September 23rd, 2020

Arts & Letters

'Deadpool 2' is funniest when it takes on all sides of our dumb ideological fights

Sonny Bunch

By Sonny Bunch

Published May 28,2018

'Deadpool 2' is funniest when it takes on all sides of our dumb ideological fights
As The Washington Post's Alyssa Rosenberg noted earlier this week, for all of "Deadpool 2's" posturing as a satire of the comic book film, it's still a very straightforward entrant in the genre, a reminder that might makes right and sometimes doing good means doing bad things to a whole mess of bad people.

"Deadpool" is far more interesting for the way it tries to have it both ways: a socially aware comedy rife with progressive signifiers that nevertheless feels like it is constantly messing with liberal pieties and fairly reveling in its pseudo-reactionary humor.

"Deadpool 2" revolves around the efforts of the titular assassin (played by Ryan Reynolds) to save a teenage mutant named Russell (Julian Dennison) from being killed by time-traveling mutant Cable (Josh Brolin), who wants to take Russell out as an angry, abused child before he grows up into a mass-murdering adult. To stop Russell, Deadpool forms X-Force, a pleasingly multiracial group whose youth ensures they can carry their own franchise if need be.

The film is littered with jokes in which Deadpool plays the role of Woke White Guy. For instance, Deadpool accuses the villain Black Tom Cassidy (Jack Kesy, who is white) of cultural appropriation - the source of his name in the comics is Cassidy's Black Irish origins.

After Cable kills Cassidy, Deadpool turns around and suggests that Cable is racist for killing off Black Tom. Joking that old white man Cable is a little bit racist becomes a running gag. When the time-sliding soldier asks the group's Indian driver Dopinder (Karan Soni) to turn his music off, Deadpool again tut-tuts him for being bigoted.

Wokepool's chatter continues as the film progresses; the most amusing of these moments comes near the end of the film when he suggests to the diminutive female mutant, Negasonic Teenage Warhead (Brianna Hildebrand), that she is actually an X-Person, not an X-Man, Ms. Warhead simply rolls her eyes, exasperated at the way he's prattling on.

Indeed, that's how most everyone, especially the minority characters, seems to react to his social-justice shtick; the African-American mutant, Domino (Zazie Beetz), implicitly dismisses Deadpool's slander of Cable when she too says Dopinder's music was incredibly bad.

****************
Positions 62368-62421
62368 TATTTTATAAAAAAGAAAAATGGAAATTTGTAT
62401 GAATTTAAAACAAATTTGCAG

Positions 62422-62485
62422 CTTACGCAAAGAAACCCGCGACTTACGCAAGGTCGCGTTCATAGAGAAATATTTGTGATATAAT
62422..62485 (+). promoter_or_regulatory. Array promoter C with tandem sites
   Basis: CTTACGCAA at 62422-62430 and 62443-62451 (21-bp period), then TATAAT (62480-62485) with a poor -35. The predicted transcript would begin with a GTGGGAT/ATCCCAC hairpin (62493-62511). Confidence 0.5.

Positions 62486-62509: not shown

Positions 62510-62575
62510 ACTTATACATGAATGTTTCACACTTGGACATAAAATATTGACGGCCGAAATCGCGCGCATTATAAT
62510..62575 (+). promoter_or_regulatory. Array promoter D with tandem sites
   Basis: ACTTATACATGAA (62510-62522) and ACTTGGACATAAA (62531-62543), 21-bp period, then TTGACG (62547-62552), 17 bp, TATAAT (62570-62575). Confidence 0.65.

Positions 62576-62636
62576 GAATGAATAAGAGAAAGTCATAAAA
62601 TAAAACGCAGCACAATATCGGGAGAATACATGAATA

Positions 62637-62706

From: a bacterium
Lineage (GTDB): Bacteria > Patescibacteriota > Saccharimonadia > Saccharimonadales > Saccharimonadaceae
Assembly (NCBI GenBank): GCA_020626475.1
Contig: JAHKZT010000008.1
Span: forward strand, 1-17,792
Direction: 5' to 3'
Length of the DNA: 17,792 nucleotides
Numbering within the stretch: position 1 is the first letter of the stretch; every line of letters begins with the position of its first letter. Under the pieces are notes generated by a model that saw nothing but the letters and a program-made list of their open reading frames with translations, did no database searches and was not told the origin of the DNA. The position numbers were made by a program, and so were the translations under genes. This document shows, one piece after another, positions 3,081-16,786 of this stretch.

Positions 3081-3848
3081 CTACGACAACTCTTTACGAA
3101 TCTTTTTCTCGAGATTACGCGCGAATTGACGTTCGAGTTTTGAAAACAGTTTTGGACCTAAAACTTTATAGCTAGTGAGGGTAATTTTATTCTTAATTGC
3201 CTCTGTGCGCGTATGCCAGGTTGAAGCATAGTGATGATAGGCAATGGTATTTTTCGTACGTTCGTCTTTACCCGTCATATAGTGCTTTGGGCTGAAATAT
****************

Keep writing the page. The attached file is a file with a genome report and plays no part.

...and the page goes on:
When combined with the Christopher Plummer joke in the film's early going, one might be tempted to argue that "Deadpool 2" is borderline reactionary in its humor, a two-hour-long takedown of the silliness of the social justice set.

(Early in the film, a ticker during a news broadcast states that Plummer turned down a role in the movie we are watching. Plummer replaced Kevin Spacey in "All The Money in the World" late last year following accusations of assault and harassment leveled against the former "House of Cards" star. The Plummer joke is doubly pointed given T.J. Miller's prominence in "Deadpool 2" and the spate of accusations that have hounded the actor and stand-up comedian over the past few months.)

It's not a right-wing treatise, of course, relying as it does on a stock religious fundamentalist for its lead villain, suggesting as it does that fat-shaming and a lack of representation are driving Russell into a life of murder, and serving up as it does a conspicuously diverse array of characters in a major, big-budget action film. Indeed, it's almost amusing to compare and contrast "Solo," out this weekend, with "Deadpool 2."

On the one hand you have the writers of "Solo" out there screaming to anyone who will listen that Lando Calrissian (Donald Glover) is actually totes pansexual you guys and, man, they wish they could've gotten "a more explicitly LGBT character" into the film But Maybe Next Time. On the other, you have "Deadpool 2," in which Negasonic Teenage Warhead introduces the Merc with a Mouth to her girlfriend, Yukio (Shioli Kutsuna), and no one blinks an eye.

"Deadpool 2" wants to have its cake and eat it too before smashing it in your face like a "Three Stooges" pie, earning praise for its diversity and guffaws for its hypermasculine humor while making no one particularly uncomfortable. The Woke Bro - that guy whose caddishness gets a pass because he's familiar with all the right platitudes - is the wave of the future, the Tucker Max of our times.

And if the box office is any indication, that future is bright indeed.

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